Vascular Birthmarks                                        for endocrine abnormalities and referral for orthopedic
       ●   Vascular Malformations                             evaluation are appropriate.
           —Port-wine stains (PWS)
           —Lymphatic malformations
       ●   Vascular Tumors
                                                                 Congenital Melanocytic Nevi
           —Hemangiomas                                       Congenital melanocytic nevi (CMN) are collections of
                                                              melanocytes in the skin present at birth or appearing in
   Nevus Sebaceous
                                                              the first few months after birth. They are macular, papu-
                                                              lar, or plaquelike pigmented lesions in different shades of
                                                              brown, with black or blue foci. Their texture may be
conditions associated with CALMs is extensive (Table          smooth, nodular, verrucous, or rough cobblestonelike,
2). Watson syndrome presents with multiple CALMs,             with or without hair. Lesions typically grow proportion-
intertriginous freckling, short stature, pulmonary steno-     ally with the individual and typically are classified based
sis, and low intelligence and is believed to be a subset or   on the assumed adult size. Small CMN measure 1.5 cm
allelic form of NF-1. NF-2 is a genetically distinct auto-    or less, intermediate CMN range between 1.5 cm and
somal dominant disorder characterized by CALMs and            20 cm, and large CMN (LCMN), also called “garment
acoustic or central nervous system schwannomas.               or bathing trunk nevi,” are more than 20 cm in diameter
    The McCune-Albright syndrome refers to the triad of       (Figs. 3 and 4). In the neonate, any lesions on the head
CALMs, polyostotic fibrous dysplasia, and endocrine            that are approximately 9 cm in diameter or on the body
dysfunction. CALMs in this syndrome are usually large,        that are 6 cm qualify as LCMN or giant.
linear or segmental, unilateral or bilateral, can follow          CMN are clinically significant because of their associ-
Blaschko lines, and may have an irregular jagged margin       ation with malignant melanoma. Small nevi are seen in
said to resemble the “coast of Maine” (Fig 2). Polyos-        1% to 2% of newborns, intermediate-size lesions in 0.6%,
totic fibrous dysplasia is a disorder in which bone is         and LCMN in no more than 0.02%. The risk of malig-
replaced by fibrous tissue, resulting in asymmetry, bony       nant melanoma arising within small and intermediate
growth, and pathologic fractures. These bony lesions          CMN is very small, usually 2% or less. Consequently, the
                                                              clinical management of these patients remains controver-
                                                              sial. Most require only clinical follow-up. The decision to
       Other Syndromes
   Table 2.                                                   excise the lesions is individualized. Large CMN are most
                                                              common on the posterior trunk, but also may be seen on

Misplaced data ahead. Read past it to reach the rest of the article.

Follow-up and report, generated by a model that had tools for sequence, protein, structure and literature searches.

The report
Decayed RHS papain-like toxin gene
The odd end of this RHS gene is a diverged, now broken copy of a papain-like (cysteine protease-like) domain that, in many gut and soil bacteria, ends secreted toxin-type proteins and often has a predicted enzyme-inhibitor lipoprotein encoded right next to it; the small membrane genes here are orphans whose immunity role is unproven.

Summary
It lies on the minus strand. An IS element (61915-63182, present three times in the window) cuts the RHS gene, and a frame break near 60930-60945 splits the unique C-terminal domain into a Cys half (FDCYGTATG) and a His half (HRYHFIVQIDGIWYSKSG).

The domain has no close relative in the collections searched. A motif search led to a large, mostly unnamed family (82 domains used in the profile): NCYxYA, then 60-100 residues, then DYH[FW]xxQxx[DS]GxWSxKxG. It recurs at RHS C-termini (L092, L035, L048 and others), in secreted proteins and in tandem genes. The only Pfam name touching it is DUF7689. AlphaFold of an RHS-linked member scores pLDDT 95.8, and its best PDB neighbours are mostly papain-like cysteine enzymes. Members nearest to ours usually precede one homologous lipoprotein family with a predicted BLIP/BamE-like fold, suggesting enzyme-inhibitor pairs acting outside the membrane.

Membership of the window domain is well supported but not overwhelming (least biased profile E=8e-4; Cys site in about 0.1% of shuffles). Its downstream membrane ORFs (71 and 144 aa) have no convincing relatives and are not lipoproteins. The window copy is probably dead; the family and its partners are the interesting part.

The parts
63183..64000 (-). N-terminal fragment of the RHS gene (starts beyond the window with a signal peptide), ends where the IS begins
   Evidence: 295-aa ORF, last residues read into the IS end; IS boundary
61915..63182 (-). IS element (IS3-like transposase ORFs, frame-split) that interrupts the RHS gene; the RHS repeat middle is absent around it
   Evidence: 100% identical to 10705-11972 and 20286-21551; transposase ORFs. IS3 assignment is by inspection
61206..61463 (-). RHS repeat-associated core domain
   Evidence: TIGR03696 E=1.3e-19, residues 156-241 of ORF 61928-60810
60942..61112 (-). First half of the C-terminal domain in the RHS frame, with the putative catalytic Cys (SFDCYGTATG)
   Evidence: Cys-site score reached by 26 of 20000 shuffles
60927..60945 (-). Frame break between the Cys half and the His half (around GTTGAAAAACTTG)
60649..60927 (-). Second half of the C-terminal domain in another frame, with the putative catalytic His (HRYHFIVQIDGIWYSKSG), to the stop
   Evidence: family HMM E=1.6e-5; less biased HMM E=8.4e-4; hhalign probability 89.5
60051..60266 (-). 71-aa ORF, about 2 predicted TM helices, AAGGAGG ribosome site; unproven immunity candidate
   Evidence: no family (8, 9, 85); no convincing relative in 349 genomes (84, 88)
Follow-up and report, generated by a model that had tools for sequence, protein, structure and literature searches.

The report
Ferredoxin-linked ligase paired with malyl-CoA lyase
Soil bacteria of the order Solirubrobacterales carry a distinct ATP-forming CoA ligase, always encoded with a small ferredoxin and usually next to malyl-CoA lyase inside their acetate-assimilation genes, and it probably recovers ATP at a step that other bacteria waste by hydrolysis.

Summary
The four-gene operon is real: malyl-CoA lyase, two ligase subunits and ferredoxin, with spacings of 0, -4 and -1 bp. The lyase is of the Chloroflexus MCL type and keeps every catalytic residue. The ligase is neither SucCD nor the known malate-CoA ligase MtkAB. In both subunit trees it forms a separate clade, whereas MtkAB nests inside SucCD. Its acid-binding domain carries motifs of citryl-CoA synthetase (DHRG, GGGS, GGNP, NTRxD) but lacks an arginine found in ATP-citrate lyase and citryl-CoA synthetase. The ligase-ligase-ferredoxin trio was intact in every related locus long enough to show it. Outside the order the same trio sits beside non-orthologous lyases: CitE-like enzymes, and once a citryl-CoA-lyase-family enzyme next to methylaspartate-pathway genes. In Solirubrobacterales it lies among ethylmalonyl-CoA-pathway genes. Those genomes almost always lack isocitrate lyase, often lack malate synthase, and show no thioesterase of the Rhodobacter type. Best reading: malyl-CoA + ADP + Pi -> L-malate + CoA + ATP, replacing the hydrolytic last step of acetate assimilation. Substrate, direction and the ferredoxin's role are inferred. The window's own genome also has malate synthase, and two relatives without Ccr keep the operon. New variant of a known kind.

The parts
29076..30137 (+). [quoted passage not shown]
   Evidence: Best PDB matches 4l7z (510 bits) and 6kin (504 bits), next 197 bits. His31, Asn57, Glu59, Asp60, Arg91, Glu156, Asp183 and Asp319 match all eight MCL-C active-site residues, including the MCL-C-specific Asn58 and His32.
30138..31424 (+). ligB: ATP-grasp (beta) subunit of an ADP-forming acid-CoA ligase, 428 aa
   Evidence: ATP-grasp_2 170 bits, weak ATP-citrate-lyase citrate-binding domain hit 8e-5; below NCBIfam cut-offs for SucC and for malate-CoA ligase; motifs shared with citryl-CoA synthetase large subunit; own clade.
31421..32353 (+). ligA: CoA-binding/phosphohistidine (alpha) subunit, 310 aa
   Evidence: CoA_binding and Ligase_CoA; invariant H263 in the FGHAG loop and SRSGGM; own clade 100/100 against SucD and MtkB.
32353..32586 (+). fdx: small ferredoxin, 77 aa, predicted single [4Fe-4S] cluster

Definitely Linked to Multiple                               the anterior and lateral trunk, head, neck, or extremities.
   CALMs                                                      Multiple small satellite CMN are seen in most patients
                                                              who have LCMN. Although the estimated lifetime risk
   ●   Watson syndrome
                                                              for melanoma in patients who have LCMN ranges be-
   ●   Neurofibromatosis type 2 (NF-2)
   ●   McCune-Albright syndrome                               tween 6% and 8%, the associated death rate is less than
   ●   Tuberous sclerosis complex (TSC)                       1%. Approximately 50% of melanomas occur by 3 to 5
   ●   Ring chromosomes syndromes                             years of age; the greatest risk for malignant transforma-
   ●   Less consistently:                                     tion appears to be in the prepubertal years. LCMN of the
       —Bloom syndrome
                                                              scalp and dorsal axis have been associated with neurocu-
       —Leopard syndrome
       —Silver-Russell syndrome                               taneous melanosis. Large CMN in the lumbosacral area
                                                              may be associated with spinal dysraphism, myelomenin-

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Table 3.   Vascular Malformations                                                     and size ranges from 1 to several
                                                                                      centimeters. Poliosis on the scalp
   Flow Type              Tissue Type               Disease Example                   (white patches of the hair) or in the
                                                                                      eyebrows and eyelashes also can be
   Slow flow               Capillary                 Port-wine stain (PWS)
                          Venous                    Klippel-Trenaunay syndrome
                                                              ´                       seen. It is rare for newborns to have
                          Lymphatic                 Cystic hygroma                    other cutaneous signs of TSC.
   Fast flow               Arterial                  Aneurysm and stenosis             Shagreen patches (sometimes
                          Arteriovenous             Arteriovenous malformations       present at birth) and angiofibromas
   Complex                Mixed tissues             Hemolymphatic angiodysplasia
                                                                                      usually become apparent in early
                                                                                      childhood, and periungual fibro-